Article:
Germany has rolled out the world’s first hydrogen-powered train signalling the start of a push to challenge the might of polluting diesel locomotives.
Hydrogen fuel cells are more co-friendly technology, creating electricity to power a battery and motor by mixing hydrogen and oxygen.
The only emissions are steam and water with excess energy stored in ion lithium batteries on board the train.
However, they are more expensive than the fossil fuel based trains commonly used in the region where they have been unveiled.
“Sure, buying a hydrogen train is somewhat more expensive than a diesel train,” said Stefan Schrank, a project manager at locomotive company Alstom, which built the trains, in an interview with Agence France-Presse, “but it is cheaper to run.”
The new trains transport passengers along 100 kilometers (62 miles) of track and can travel up to 1,000 kilometers (621 miles) on a single tank of hydrogen, reaching top speeds of 140 kmh (87 mph).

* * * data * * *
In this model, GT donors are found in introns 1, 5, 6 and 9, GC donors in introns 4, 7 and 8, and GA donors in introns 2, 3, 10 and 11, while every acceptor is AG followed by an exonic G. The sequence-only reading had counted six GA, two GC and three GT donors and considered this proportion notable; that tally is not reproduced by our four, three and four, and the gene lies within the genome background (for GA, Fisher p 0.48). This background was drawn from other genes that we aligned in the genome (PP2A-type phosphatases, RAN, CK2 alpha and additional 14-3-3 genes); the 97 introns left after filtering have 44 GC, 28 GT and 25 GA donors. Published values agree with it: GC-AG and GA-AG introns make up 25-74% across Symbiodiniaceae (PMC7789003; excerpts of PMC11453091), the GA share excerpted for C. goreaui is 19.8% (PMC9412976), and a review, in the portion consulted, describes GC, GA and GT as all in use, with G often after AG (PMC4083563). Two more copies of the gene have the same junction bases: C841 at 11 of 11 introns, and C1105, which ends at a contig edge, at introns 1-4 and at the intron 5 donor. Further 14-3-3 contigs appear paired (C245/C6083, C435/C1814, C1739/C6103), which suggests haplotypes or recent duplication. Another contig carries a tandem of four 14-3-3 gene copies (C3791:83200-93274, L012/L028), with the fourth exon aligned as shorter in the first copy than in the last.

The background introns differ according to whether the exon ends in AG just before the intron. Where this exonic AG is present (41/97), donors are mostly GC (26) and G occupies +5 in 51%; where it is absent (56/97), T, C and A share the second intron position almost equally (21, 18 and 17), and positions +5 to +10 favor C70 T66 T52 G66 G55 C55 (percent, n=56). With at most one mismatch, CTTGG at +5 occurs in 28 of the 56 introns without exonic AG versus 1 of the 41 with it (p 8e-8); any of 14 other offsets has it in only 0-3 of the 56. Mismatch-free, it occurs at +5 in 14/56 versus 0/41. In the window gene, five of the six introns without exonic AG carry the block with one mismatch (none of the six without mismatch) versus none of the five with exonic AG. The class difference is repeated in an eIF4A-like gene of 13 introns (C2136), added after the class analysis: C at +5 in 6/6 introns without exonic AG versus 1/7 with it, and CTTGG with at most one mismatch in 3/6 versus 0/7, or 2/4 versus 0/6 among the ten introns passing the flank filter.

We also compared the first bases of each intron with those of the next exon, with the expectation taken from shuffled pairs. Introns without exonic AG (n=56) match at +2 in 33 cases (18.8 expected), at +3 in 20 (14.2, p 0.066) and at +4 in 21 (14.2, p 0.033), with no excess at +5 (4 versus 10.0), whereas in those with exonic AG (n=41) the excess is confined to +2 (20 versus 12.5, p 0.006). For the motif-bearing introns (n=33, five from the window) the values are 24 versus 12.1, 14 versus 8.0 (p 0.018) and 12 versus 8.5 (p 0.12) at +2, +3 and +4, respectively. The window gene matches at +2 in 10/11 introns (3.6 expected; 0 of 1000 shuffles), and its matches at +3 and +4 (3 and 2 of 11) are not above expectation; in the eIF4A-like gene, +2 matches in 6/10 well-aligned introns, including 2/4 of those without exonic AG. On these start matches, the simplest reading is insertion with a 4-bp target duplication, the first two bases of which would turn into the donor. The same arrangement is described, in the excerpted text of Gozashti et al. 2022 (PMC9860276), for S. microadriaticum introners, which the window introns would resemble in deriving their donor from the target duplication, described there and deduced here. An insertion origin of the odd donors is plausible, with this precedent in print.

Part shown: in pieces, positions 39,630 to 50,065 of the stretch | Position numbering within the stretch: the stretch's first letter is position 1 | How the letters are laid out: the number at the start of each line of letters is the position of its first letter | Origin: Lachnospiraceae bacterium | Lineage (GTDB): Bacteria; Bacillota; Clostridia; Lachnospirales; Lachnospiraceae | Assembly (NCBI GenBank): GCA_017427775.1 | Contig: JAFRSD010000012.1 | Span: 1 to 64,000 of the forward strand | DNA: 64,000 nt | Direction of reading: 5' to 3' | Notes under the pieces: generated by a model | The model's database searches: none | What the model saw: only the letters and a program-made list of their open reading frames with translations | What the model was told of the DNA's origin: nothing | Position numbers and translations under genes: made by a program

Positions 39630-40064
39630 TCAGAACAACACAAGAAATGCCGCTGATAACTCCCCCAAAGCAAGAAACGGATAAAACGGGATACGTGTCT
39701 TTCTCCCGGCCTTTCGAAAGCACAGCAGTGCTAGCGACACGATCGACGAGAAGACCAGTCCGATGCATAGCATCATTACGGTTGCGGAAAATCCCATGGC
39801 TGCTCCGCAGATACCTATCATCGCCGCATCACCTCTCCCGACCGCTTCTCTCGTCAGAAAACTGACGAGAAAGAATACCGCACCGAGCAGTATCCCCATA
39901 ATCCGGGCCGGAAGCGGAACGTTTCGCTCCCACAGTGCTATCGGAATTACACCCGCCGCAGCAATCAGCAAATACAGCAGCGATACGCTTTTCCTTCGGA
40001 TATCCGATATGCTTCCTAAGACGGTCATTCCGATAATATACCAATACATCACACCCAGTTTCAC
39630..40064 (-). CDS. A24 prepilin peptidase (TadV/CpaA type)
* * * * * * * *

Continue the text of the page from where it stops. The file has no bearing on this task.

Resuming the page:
Chemistry recap: Hydrogen fuel cells generate electricity by combining hydrogen with oxygen, and their only byproduct is water. That makes the cells a promising energy source that produces zero emissions and very little noise.
Though they remain pricey, hydrogen fuel cells have advantages over batteries. Instead of recharging, for instance, you can just refuel them like you would a gas or diesel engine. And because train schedules are highly predictable, it’s easier to build refueling infrastructure.
New research is helping cut the cost of hydrogen, and the fuel source is already in use elsewhere in the world to power buses and cars. Trains are much heavier, though, so powering them with hydrogen instead of diesel could do much more to cut carbon emissions.
If all goes well with these first two trains, Alstom hopes to add another 12 to its Lower Saxony fleet. So while they might be the world’s first hydrogen-powered trains, they’re unlikely to be the last.